Phonemes and graphemes are two words that are used often, but what do they mean? Using what we know about the roots phone and graph, we can likely figure it out. However, I’d like to begin this blog post with a few definitions and some potential strengths and weaknesses.
A phoneme is the individual sound that we hear within a word. In English, there are 40-44 phonemes depending on the dialect. For many of our students, this is the easy part of spelling. They can hear a word and break it into individual sounds. However, for some of our students, hearing each part of the word feels nearly impossible and requires a lot of practice to understand how to do.
A grapheme is the written letter or letters that correspond with phonemes in a word. For some students, they have a strong ability to recall and memorize graphemes. However, there are other students who get lost in all of the 250 graphemes that make up the English language. It is a lot to remember and there are so many rules that can cause difficulty for them.
In my experience THIS is a larger problem for the majority of students on my caseload.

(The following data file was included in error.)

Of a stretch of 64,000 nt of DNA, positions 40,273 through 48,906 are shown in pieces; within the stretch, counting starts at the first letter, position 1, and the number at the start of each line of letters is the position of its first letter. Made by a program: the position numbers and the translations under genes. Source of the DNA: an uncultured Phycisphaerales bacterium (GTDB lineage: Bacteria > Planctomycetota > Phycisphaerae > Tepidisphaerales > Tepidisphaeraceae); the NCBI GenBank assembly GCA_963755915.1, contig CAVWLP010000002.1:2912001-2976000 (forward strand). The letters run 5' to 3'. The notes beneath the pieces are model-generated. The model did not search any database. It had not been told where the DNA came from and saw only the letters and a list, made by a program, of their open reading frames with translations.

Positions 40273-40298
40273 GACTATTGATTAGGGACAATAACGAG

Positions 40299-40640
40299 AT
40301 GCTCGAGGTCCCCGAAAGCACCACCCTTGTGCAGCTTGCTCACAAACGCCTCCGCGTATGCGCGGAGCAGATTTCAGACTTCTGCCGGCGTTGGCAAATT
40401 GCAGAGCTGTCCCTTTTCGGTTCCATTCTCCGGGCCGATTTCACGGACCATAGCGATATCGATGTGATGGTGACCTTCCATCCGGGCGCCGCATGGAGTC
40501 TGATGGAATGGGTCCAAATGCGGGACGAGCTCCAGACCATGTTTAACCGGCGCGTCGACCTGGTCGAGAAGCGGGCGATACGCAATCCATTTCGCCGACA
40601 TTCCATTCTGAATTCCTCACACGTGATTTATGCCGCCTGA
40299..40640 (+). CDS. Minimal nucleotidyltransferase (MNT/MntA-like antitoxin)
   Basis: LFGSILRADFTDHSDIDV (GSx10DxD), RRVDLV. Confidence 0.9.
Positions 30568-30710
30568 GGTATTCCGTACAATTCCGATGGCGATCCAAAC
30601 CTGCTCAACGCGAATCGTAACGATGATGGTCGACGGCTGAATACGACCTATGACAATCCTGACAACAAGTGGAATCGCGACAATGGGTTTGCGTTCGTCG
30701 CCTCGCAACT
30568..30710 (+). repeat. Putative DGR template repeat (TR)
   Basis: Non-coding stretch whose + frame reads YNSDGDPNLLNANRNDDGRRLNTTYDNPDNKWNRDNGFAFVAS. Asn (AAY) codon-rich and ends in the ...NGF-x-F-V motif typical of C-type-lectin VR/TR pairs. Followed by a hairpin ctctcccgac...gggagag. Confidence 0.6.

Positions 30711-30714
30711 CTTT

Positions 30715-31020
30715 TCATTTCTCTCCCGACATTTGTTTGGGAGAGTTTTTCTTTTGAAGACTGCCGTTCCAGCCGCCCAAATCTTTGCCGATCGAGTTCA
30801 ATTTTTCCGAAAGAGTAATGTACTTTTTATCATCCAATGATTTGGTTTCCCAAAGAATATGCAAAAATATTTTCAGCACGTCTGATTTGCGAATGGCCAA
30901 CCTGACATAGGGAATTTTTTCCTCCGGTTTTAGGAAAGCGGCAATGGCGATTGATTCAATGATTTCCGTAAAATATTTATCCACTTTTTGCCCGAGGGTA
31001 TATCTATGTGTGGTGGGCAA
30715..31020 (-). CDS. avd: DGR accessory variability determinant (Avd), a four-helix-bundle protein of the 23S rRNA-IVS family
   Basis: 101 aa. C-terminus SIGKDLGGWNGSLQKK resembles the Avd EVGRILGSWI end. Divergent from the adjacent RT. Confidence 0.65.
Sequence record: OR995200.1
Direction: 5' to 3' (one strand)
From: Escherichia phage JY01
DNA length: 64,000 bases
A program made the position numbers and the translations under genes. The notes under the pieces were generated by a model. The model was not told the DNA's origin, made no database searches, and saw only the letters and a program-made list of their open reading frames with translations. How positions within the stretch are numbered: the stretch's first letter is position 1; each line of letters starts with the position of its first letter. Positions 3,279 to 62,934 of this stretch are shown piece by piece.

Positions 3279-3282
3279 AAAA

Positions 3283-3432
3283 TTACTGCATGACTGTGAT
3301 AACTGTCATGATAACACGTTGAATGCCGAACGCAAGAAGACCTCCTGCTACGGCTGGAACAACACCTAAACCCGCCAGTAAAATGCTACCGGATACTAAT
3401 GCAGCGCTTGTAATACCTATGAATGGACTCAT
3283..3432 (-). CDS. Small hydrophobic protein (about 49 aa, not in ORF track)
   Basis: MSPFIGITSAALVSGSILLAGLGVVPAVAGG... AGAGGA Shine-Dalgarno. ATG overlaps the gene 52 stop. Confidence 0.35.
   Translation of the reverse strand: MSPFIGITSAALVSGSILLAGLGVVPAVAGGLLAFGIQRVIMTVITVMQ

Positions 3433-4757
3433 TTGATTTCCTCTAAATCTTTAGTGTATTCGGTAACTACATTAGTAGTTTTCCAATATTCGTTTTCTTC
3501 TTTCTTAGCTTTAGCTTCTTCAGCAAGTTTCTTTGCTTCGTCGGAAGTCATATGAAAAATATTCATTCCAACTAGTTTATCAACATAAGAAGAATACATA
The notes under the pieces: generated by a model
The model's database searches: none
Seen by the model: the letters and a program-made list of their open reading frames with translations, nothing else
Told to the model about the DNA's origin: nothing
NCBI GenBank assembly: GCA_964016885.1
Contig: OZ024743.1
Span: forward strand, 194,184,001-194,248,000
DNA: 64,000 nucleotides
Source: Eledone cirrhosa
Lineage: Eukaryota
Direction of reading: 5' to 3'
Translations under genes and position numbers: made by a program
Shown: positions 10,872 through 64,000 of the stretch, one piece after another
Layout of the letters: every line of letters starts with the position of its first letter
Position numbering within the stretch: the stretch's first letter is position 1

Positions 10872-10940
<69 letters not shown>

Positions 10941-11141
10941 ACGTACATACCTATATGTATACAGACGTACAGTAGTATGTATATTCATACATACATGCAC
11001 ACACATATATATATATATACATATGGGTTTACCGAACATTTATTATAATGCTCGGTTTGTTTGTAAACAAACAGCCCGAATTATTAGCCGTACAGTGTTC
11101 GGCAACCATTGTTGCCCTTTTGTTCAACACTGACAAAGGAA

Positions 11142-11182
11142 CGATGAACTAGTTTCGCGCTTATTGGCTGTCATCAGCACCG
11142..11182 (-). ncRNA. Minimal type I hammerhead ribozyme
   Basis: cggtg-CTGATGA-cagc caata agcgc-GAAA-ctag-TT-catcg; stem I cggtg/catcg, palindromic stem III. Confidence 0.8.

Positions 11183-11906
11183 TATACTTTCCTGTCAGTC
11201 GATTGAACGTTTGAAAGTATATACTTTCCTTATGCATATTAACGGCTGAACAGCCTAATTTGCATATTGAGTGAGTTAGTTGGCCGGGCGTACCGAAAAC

What Order Should You Use to Teach Phonemes & Graphemes?
I say WHO CARES! If you can make words with the letters that you have, great! Every school, curriculum, intervention, and kindergarten teacher has an opinion. Regardless of what you have, here are some things that I think you should keep in mind when selecting a program or deciding which order is best.
Students aren’t ready to begin making words as soon as they learn a handful of letters, however, it is never too early to begin showing them WHY we learn our letters and sounds. What is the purpose of all of those graphemes? The sooner you can begin teaching them that we use the phonemes to make words, the more they’ll be able to see the bigger picture. The order in which you teach the phonemes should allow you to make a handful of words after learning three to five letters.
Consider Vowel Placement
As you look at the order of teaching graphemes, take a look at the order that vowel occur in the intervention. Have you ever tried to distinguish between a short e and a short i. I would not recommend that you teach those to two sounds on consecutive days. Space those babies out and allow your students to be familiar with one before throwing in a new vowel sound.
Separate Visually Similar Letters
When introducing graphemes, be mindful of letters that look similar, such as b, d, p, and q. The last thing you want to do for your students is to teach these so close together that students confuse them. In reality, you’ll still have some kids who confuse them, but imagine the confusion you’d have if you taught them on back to back days.